Logic stacks up against Italian option for Polish MiG-29 replacement
After an unsuccessful attempt to secure second-hand F-16s from the US to facilitate the transfer of MiG-29s to Ukraine, Poland has been eyeing Eurofighter Typhoons from Italy as an alternative backfill option.
Back in 2018, when Poland launched the Harpia programme to acquire 32 new multirole fighters, one of the companies to have expressed an interest was Leonardo. The acquisition process was delayed due to funding restrictions and the COVID-19 pandemic, and when Warsaw did eventually select the Lockheed Martin F-35A, it sparked controversy as the deal was not a competitive procurement procedure.
After the US in early March 2022 blocked a plan by Poland to swap MiG-29s for additional F-16s, much attention has reverted to Leonardo as Warsaw looks at other options.
Leonardo has proposed ex-Italian Air Force Eurofighter Tranche 1 platforms and M-346FA light attack aircraft to replace Polish MiG-29s and Su-22s. Poland would receive 12-16 Eurofighters that Italy had previously tried to sell to Bulgaria as MiG-29 replacements (Sofia eventually chose the F-16V from Lockheed Martin).
Supporters of the Eurofighter option for Poland argue that Typhoon could serve as a temporary solution until Poland receives its F-35As, with the first of these aircraft expected in 2024 and FOC planned for 2030.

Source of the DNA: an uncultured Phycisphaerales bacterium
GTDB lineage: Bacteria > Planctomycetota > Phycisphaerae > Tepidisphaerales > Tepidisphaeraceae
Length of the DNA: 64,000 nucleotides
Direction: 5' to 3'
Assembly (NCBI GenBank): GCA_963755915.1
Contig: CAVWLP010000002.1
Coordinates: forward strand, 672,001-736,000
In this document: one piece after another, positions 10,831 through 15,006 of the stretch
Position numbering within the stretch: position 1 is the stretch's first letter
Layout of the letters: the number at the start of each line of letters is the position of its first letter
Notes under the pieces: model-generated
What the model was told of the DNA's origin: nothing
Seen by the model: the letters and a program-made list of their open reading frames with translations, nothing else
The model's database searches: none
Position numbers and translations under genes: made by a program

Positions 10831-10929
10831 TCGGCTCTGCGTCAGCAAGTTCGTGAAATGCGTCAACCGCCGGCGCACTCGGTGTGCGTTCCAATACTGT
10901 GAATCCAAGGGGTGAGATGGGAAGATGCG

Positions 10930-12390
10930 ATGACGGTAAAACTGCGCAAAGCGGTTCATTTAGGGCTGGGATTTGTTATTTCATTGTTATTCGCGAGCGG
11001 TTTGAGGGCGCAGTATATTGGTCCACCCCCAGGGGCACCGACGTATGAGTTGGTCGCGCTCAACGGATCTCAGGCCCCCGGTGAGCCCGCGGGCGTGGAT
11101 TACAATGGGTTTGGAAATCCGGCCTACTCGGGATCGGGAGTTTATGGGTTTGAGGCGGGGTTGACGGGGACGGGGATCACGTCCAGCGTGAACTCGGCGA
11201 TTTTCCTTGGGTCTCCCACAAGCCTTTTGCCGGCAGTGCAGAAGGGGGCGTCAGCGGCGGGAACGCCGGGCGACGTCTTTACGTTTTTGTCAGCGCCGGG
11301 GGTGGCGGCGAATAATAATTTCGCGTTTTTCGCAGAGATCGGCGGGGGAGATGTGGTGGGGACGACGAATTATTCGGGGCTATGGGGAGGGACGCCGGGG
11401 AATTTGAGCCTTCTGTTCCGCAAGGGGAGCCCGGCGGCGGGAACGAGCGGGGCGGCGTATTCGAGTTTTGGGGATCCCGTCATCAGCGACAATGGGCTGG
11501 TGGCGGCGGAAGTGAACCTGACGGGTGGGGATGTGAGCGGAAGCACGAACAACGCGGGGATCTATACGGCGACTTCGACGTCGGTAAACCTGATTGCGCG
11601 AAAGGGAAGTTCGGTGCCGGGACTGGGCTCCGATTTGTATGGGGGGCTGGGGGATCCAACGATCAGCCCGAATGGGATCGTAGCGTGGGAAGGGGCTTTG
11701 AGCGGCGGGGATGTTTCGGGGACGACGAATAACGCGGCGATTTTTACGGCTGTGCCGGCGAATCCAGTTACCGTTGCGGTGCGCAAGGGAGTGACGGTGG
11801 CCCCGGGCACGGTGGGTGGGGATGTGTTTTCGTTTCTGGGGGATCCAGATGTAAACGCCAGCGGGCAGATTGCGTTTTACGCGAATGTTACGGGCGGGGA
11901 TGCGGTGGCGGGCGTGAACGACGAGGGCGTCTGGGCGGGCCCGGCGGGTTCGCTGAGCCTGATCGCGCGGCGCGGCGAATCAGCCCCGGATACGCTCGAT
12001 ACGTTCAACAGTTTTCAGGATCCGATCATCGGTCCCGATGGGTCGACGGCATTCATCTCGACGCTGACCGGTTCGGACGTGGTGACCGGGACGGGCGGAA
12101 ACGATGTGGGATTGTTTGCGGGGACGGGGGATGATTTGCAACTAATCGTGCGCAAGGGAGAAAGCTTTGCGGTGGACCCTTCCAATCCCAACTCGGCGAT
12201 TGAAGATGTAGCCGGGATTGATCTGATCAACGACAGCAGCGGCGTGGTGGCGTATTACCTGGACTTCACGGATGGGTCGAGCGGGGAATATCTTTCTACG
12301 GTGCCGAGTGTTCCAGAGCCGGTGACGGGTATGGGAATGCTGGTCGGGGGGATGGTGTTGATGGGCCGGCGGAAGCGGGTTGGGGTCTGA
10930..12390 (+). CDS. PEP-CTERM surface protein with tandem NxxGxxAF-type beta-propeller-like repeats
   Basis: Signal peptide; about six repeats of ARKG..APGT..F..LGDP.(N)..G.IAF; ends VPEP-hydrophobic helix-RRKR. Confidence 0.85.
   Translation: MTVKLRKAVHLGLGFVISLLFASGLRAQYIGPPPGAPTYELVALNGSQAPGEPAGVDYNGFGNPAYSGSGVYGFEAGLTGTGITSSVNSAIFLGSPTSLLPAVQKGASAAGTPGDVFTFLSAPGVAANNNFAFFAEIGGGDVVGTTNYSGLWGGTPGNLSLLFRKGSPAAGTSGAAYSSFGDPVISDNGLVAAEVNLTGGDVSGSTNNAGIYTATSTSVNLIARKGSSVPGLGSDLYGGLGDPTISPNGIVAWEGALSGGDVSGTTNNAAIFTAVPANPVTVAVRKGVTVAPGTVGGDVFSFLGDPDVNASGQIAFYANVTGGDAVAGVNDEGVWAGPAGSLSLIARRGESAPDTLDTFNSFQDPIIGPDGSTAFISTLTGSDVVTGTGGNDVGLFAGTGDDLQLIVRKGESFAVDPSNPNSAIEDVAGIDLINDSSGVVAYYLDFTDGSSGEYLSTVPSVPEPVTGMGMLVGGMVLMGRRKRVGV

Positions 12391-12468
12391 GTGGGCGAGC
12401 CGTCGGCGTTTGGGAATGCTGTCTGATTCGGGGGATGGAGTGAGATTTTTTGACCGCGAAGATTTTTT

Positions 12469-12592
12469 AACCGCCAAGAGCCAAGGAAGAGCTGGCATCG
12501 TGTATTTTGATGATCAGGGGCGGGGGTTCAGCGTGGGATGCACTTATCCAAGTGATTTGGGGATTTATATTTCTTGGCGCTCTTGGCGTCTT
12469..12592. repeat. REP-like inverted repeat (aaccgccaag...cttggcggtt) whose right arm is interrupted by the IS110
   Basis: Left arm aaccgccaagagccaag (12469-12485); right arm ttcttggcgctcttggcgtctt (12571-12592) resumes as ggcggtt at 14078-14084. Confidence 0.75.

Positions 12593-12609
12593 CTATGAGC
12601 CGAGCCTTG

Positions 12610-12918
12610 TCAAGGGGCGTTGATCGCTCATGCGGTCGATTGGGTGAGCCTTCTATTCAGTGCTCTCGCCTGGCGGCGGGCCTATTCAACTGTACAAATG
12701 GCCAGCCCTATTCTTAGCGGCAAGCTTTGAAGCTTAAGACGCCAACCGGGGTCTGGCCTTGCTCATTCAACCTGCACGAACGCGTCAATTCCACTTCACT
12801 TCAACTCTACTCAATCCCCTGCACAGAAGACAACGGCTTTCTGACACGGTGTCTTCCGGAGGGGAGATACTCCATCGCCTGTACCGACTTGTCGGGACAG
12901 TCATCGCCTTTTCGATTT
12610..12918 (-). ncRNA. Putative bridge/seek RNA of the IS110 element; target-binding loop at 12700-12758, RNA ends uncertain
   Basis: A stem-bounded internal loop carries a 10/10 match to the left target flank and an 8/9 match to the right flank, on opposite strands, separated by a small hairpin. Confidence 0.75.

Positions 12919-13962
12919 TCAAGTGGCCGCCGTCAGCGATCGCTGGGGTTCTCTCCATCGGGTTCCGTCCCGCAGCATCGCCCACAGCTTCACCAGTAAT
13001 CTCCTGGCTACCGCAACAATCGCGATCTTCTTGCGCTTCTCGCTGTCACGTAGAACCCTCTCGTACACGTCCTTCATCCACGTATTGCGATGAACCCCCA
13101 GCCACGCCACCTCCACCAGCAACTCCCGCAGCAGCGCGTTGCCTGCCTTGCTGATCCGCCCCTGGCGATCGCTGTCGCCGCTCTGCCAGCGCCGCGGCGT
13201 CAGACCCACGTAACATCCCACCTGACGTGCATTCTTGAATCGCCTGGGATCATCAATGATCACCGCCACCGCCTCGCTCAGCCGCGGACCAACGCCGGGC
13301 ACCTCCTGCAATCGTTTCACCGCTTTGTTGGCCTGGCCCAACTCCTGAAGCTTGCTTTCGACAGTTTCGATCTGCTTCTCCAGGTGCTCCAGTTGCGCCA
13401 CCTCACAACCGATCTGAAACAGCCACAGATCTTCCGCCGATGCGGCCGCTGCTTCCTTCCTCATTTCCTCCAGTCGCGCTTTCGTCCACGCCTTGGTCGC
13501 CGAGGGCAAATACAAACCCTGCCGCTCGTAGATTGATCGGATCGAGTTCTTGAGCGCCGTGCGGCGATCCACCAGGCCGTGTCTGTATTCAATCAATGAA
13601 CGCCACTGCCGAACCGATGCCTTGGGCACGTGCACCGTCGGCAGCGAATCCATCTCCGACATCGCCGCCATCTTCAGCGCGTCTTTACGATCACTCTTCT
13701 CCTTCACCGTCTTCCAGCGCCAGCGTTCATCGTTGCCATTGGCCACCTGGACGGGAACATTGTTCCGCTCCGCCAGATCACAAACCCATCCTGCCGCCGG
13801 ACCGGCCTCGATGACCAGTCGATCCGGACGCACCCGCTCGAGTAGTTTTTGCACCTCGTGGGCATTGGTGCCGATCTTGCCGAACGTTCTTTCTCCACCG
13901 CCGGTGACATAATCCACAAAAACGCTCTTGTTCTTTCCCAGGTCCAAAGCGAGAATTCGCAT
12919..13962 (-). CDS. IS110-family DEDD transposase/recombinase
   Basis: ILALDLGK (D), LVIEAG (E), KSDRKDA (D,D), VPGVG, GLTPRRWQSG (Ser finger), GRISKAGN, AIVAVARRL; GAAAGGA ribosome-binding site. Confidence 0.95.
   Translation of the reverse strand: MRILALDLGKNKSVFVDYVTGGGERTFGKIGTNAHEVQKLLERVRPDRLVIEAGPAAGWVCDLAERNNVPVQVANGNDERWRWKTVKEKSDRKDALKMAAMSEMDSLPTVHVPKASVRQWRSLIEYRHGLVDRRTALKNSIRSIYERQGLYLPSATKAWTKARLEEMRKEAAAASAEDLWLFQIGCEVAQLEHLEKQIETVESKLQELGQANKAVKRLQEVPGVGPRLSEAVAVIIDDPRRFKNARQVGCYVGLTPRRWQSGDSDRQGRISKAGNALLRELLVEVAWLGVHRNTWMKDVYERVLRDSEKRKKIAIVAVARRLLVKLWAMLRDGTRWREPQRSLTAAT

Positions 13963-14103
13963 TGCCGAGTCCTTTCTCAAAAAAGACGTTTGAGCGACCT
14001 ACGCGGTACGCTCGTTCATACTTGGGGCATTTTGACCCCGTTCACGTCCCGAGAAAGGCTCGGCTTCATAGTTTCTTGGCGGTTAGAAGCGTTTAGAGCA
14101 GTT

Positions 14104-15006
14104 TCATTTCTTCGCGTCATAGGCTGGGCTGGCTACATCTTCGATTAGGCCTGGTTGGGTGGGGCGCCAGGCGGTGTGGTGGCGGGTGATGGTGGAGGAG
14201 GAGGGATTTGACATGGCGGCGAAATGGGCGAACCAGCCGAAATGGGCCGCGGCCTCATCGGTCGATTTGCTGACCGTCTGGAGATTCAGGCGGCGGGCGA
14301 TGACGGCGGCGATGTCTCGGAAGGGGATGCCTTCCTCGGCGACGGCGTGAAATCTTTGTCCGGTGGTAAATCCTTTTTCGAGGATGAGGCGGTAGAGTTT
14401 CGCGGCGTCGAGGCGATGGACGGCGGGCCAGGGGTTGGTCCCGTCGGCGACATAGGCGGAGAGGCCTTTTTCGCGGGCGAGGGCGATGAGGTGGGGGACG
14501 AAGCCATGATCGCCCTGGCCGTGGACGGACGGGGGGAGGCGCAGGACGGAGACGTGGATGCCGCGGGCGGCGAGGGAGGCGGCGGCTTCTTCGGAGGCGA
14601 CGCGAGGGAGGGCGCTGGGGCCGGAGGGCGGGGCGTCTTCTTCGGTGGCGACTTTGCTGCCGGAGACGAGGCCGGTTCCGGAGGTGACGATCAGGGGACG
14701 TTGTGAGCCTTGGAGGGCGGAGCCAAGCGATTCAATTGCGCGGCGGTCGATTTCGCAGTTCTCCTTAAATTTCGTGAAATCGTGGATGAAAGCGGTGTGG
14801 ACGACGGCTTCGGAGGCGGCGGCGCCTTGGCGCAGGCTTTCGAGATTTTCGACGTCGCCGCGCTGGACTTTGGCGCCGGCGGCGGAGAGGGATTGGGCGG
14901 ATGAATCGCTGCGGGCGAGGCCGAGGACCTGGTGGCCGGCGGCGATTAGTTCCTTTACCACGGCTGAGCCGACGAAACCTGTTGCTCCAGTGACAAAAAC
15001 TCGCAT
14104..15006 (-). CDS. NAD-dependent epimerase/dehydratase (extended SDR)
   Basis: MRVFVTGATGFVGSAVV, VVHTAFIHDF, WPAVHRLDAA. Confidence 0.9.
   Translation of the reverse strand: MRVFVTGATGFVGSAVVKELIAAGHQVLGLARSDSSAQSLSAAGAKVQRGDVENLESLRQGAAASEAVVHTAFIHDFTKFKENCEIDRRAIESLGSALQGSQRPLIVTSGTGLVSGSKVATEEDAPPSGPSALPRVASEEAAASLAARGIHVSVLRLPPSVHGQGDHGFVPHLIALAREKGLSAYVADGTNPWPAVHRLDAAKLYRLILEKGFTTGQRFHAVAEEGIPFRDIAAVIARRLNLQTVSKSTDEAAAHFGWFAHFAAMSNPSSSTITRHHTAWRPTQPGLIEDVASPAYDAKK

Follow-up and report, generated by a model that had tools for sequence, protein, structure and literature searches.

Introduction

However, several factors make this option unlikely. Poland has stated that it wishes to obtain used, free, or cheap aircraft in exchange for its MiG-29s — and as the EU is not funding any Polish acquisition of Eurofighter, Warsaw would have to pay a significant price that would not make the aircraft a cost-effective stopgap before the first F-35A arrives.
Additionally, strong Polish-US procurement ties suggest that Italy faces an uphill struggle.
Polish defence analyst Jacek Siminski told Shephard that the Italian option seems to be ‘popular among lobbyists in Poland, but the MoD does not seem to be a fan of any of these, given its inclination to buy American’.
Neither the Polish MoD nor its Italian counterpart responded when contacted for comment by Shephard.
It should be noted that the Polish Air Force already faces various logistical challenges associated with having to integrate and train pilots across from Cold War-era aircraft (MiG-29s and F-16s) to the more advanced F-35A.
This cross-training will prove to be extremely difficult and may, in some cases, be impossible. Throwing yet another fighter jet into the mix, even temporarily, would be illogical.
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